By editorial board • 

Winner-take-all races highlight May primary

Locally, the May primary election promises intriguing campaigns for three Yamhill County county positions, and a prelude for two interesting, yet very different, competitions for House of Representatives seats.

Recent county commissioner elections have attracted handfuls of candidates, but this year it’s one-on-one, winner take all, in the May primary. Incumbent Allen Springer and McMinnville Mayor Rick Olson are expected to wage high profile campaigns over the next two months.

For those who enjoy the theatrical aspect of politics, this is your best ticket in town. The two men worked together on the McMinnville City Council, and Olson defeated Springer (along with current county Commissioner Stan Primozich) in the 2008 mayor’s race. Expansion of Riverbend Landfill could become a heated campaign issue, as Olson and the city council have publicly opposed Riverbend, while Springer recently reversed his previous vote of opposition.

In the campaign for county assessor, chief appraiser Derrick Wharff and former Assessor’s Office employee Jeanie Sandall are vying to take over from Scott Maytubby, who is not seeking re-election after two terms as head of the county’s taxation office. One possible campaign issue is how each candidate might handle the years-long property tax dispute with the Evergreen Air & Space Museum and its Wings & Waves Waterpark.

District Attorney Brad Berry, an incumbent since 1997, is facing an inner-department challenge from Deputy District Attorney Alicia Eagan.

In House District 24, encompassing McMinnville, Yamhill, Carlton and part of rural Washington county, former McMinnville Police Chief Ron Noble is seeking the House seat held for nearly a decade by his friend, Jim Weidner. Noble’s Democratic opponent is handyman, volunteer and local TV show host Ken Moore, who lost in his 2014 bid to unseat Weidner by 51 to 46 percent.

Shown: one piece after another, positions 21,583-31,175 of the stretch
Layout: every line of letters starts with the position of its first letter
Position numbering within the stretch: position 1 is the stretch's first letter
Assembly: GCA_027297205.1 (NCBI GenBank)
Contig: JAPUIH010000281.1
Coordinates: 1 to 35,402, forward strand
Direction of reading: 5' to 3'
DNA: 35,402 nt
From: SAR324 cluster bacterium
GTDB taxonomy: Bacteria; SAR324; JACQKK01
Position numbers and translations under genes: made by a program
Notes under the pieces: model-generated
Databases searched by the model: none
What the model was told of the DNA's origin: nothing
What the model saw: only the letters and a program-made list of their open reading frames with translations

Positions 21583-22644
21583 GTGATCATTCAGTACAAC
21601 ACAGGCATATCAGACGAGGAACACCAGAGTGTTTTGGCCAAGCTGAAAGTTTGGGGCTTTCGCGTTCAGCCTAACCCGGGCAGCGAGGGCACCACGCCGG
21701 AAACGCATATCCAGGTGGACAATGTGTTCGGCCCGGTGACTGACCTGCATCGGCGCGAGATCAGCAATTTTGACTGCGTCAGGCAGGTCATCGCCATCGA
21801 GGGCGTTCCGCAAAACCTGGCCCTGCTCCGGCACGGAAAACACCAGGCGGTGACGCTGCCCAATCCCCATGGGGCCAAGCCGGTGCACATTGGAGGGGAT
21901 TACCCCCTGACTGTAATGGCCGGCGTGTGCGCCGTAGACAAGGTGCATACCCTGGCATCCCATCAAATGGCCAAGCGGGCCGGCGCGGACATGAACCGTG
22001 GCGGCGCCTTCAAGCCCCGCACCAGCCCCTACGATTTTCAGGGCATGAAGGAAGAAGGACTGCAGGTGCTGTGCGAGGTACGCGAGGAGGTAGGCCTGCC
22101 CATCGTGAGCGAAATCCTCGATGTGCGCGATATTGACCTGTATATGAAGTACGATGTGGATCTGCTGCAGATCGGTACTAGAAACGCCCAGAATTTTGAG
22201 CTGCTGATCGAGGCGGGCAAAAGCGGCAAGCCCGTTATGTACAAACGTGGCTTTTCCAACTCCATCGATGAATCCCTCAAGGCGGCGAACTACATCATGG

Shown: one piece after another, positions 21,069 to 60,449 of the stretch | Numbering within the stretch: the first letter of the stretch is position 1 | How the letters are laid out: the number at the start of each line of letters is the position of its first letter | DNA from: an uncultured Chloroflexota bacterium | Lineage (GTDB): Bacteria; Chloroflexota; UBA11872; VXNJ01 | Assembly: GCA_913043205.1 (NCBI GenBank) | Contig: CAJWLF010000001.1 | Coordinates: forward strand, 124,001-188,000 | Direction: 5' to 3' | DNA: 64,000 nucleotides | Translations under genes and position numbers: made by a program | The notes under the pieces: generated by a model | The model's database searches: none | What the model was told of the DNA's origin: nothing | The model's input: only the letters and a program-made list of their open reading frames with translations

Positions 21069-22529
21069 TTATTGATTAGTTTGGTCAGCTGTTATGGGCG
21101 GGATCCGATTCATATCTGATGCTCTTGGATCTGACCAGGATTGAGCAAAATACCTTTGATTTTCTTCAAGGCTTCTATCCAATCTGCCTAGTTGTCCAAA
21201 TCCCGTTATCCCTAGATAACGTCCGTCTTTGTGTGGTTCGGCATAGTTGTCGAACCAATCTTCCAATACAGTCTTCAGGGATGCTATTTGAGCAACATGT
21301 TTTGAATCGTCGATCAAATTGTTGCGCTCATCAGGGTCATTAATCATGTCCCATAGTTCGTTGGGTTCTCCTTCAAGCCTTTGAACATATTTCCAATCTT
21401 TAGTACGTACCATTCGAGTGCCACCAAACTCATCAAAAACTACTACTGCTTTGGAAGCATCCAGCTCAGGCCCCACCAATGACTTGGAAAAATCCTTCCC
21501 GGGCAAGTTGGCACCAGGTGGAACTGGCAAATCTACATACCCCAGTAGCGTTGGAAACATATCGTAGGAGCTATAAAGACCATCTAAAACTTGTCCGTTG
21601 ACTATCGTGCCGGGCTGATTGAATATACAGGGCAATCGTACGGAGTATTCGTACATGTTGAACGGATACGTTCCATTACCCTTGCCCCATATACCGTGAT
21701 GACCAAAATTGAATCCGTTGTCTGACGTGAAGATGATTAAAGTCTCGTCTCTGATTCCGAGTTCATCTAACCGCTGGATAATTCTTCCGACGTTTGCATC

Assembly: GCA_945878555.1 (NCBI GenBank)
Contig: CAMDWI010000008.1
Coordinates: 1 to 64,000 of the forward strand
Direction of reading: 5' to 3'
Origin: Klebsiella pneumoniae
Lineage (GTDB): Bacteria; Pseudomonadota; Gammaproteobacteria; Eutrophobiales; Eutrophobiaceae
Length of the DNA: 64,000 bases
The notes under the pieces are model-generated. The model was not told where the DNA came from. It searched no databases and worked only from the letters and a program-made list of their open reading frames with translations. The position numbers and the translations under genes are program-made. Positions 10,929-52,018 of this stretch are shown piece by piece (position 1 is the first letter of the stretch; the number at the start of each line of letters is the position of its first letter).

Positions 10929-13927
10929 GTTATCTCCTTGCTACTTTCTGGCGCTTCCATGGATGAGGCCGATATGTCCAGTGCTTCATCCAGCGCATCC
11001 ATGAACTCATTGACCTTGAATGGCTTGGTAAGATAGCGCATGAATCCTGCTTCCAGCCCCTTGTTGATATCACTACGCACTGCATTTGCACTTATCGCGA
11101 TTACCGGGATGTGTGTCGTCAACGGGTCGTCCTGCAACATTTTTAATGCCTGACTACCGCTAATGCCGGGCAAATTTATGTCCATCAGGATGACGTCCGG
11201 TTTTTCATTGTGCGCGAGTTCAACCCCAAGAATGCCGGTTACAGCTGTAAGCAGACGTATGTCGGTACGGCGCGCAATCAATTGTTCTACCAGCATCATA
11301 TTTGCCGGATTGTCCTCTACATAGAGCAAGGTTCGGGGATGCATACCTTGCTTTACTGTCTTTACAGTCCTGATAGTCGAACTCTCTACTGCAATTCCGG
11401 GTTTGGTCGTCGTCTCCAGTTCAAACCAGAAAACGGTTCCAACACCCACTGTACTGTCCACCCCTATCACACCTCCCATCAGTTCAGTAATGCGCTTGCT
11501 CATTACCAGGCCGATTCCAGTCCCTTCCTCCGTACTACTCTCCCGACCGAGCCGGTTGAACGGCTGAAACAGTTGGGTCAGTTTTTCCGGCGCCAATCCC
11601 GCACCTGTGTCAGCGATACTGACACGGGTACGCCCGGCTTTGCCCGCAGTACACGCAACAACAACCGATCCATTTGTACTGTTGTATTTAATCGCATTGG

Both Noble and Moore are unopposed in the primary. Given the character of those two men, we expect a fairly cordial race in the General Election, but one never knows in the climate of this year’s presidential campaign. A rare Democratic win in District 24 would bolster the party’s current super-majority in Salem.

The race for House District 23 will surely be dramatic. Republican incumbent Mike Nearman faces not only a primary opponent, but also a possible General Election showdown against Independent Party of Oregon candidate Jim Thompson, who Nearman defeated in the 2014 primary election amid some questionable campaign tactics. No Democrat filed in District 23, which stretches from Dayton, Amity and Willamina, through rural parts of Polk and Benton counties, and picking up a pocket of rural Marion County across  the Willamette River.

Interestingly, all local nonpartisan races have just two candidates and should be decided in May, unless a write-in spoiler prevents a candidate from winning 50 percent plus one votes needed to win outright in the primary. Thus the question, will Mickey Mouse receive more than the 5 votes he earned for commissioner in 2012?


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